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Palo Alto, CA
Who: Elijah Meeks, with Peter Chan and the AIMS project
What: Robert Creeley’s Digital Correspondence Maps
Where: Stanford University, Palo Alto, CA.
“Open Door” features audio, video, and online media to document dynamic interactions between poetry and its audience. “Open Door” showcases performance, scholarship, and engagement outside the usual boundaries of slams, workshops, and book publications. This week: mapping Robert Creeley’s correspondence. (click on the images to enlarge)
At first glance, one of the maps looks like an exploding galaxy— clusters of formative blue and black planets, pink comets ricocheting between, all spawning an abstract, pastel network. From a distance, another map looks like a piece of bisected coral put on a slide and magnified under a microscope, while another looks like a jellyfish hovering above a felled space alien.
These are Robert Creeley’s e-mails, or rather what some clever, digitally-inclined people at Stanford University have done to Robert Creeley’s e-mails. They’ve used software to diagrammatically represent human expression, from the correspondence of Voltaire and Benjamin Franklin to, most recently, Robert Creeley and some of the 50,000 + e-mails bequeathed to Stanford upon his death*.
Elijah Meeks is the Digital Humanities Specialist at Stanford who was asked by the AIMS project, which focuses on innovating ways to best organize “born-digital” content like e-mails, to visualize the Creeley correspondence. In support of the work conducted by AIMS, Meeks sought to provide interested scholars with a “generalized overview” of large, digital collections, such as Creeley’s. Meeks explains the point of the Creeley map project is neither to create poetry—which, despite, may well become one of its outcomes—nor to conduct literary analysis of Creeley’s poems—though there are scholars at Stanford using similar technologies to parse literary content. Rather, the maps are “conceptual representations” of Creeley’s social network demonstrating quantity and frequency of Creeley’s e-mail correspondence, not importance or quality, with blue circles on the maps representing people who were part of Creeley’s extensive e-mail network, and pink strands representing their e-mails, effectively webbing person and Creeley into a unique topology of personal and professional, intimate and formal correspondence.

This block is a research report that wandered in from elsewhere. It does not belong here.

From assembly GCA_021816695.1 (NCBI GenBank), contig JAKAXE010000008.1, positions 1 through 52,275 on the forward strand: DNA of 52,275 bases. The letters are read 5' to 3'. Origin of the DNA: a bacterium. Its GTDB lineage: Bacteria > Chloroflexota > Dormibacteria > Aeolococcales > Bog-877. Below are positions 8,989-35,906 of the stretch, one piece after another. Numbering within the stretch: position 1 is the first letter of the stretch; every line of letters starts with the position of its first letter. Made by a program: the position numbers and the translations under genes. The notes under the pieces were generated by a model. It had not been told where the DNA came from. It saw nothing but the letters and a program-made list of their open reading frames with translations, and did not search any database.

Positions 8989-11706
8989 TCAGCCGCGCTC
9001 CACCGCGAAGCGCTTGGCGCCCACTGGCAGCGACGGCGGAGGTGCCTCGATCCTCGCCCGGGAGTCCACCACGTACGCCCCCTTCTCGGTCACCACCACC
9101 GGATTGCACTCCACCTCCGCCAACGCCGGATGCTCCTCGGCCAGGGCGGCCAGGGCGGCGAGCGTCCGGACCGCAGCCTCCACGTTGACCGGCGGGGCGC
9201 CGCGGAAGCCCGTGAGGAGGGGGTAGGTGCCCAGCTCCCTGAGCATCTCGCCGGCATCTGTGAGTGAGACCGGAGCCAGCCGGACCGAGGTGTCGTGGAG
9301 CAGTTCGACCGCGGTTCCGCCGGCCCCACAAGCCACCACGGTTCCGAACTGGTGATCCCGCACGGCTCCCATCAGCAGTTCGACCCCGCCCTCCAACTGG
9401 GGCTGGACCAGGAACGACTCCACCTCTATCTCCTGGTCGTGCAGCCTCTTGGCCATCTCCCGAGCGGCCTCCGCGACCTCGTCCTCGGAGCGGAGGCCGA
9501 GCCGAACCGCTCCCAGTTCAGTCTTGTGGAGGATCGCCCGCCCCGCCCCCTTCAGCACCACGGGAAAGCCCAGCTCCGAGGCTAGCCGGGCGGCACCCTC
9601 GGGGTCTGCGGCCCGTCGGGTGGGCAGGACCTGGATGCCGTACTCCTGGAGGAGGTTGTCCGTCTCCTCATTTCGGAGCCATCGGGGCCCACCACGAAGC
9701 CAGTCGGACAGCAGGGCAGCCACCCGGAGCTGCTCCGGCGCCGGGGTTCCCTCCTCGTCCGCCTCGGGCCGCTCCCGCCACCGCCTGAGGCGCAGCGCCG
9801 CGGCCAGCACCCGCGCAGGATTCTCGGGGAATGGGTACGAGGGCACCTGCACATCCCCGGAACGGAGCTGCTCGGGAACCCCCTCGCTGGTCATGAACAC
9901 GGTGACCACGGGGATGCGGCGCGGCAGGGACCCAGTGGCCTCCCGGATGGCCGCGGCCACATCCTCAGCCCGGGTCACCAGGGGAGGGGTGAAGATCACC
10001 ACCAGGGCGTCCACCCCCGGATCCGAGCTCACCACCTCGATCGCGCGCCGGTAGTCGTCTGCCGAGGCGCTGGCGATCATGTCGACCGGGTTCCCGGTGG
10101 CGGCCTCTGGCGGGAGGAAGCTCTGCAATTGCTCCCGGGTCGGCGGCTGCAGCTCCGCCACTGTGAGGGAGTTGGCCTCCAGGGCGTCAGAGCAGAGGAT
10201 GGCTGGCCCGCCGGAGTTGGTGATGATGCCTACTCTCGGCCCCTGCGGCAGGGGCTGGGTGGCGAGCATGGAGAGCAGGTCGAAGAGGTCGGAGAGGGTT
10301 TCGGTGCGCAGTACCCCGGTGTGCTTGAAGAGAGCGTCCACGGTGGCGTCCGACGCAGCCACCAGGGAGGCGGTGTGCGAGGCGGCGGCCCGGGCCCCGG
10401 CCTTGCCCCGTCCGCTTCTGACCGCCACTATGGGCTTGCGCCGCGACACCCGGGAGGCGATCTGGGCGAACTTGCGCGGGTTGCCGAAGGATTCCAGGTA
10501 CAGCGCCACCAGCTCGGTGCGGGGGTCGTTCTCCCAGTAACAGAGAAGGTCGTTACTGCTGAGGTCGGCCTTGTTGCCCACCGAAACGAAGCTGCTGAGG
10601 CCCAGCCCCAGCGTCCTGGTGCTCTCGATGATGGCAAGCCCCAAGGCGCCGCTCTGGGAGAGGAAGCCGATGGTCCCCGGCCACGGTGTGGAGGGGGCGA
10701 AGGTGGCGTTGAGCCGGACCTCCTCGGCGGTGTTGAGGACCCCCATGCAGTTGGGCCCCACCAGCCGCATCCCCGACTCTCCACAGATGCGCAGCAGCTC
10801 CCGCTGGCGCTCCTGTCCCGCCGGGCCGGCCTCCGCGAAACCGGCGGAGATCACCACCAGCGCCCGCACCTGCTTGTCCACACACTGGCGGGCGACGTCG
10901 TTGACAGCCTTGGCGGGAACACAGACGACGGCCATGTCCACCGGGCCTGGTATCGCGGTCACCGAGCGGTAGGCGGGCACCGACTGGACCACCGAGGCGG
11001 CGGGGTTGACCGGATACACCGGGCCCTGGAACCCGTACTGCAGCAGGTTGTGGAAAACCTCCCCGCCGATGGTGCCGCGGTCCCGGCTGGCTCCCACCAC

Meeks clarifies that the algorithms the Gephi visualization software used were commanded to “make no distinction between the quality of connection,” and therefore “arbitrarily treat a long, important e-mail as of exactly the same value as a dry, forwarded professional e-mail,” and a dry, forwarded professional e-mail exactly the same as an e-mail to or from one of his children. Though Gephi can be commanded to weight various aspects of the born-digital differently (and so would map Creeley’s e-mails based on other assigned values, causing their maps to look different), Meeks was trying to find a way to contextualize the breadth of the e-mails by instructing Gephi to focus on certain e-mail traits—for example, volume of e-mails, or number of times “poem” is used—so others could contemplate the possibilities of digitally mapping the humanities, using Creeley as example. This was no easy task, given that all e-mail types—the long/important, the dry/professional, the intimate/personal—exist in the collection, which, prior to mapping, was a jumbled registry of e-mails unified by two things, Robert Creeley, e-mail sender, and Robert Creeley, e-mail recipient, before the list was partially processed by Peter Chan, the Digital Archivist on the AIMS project, who utilized forensic software to describe and combine select e-mails.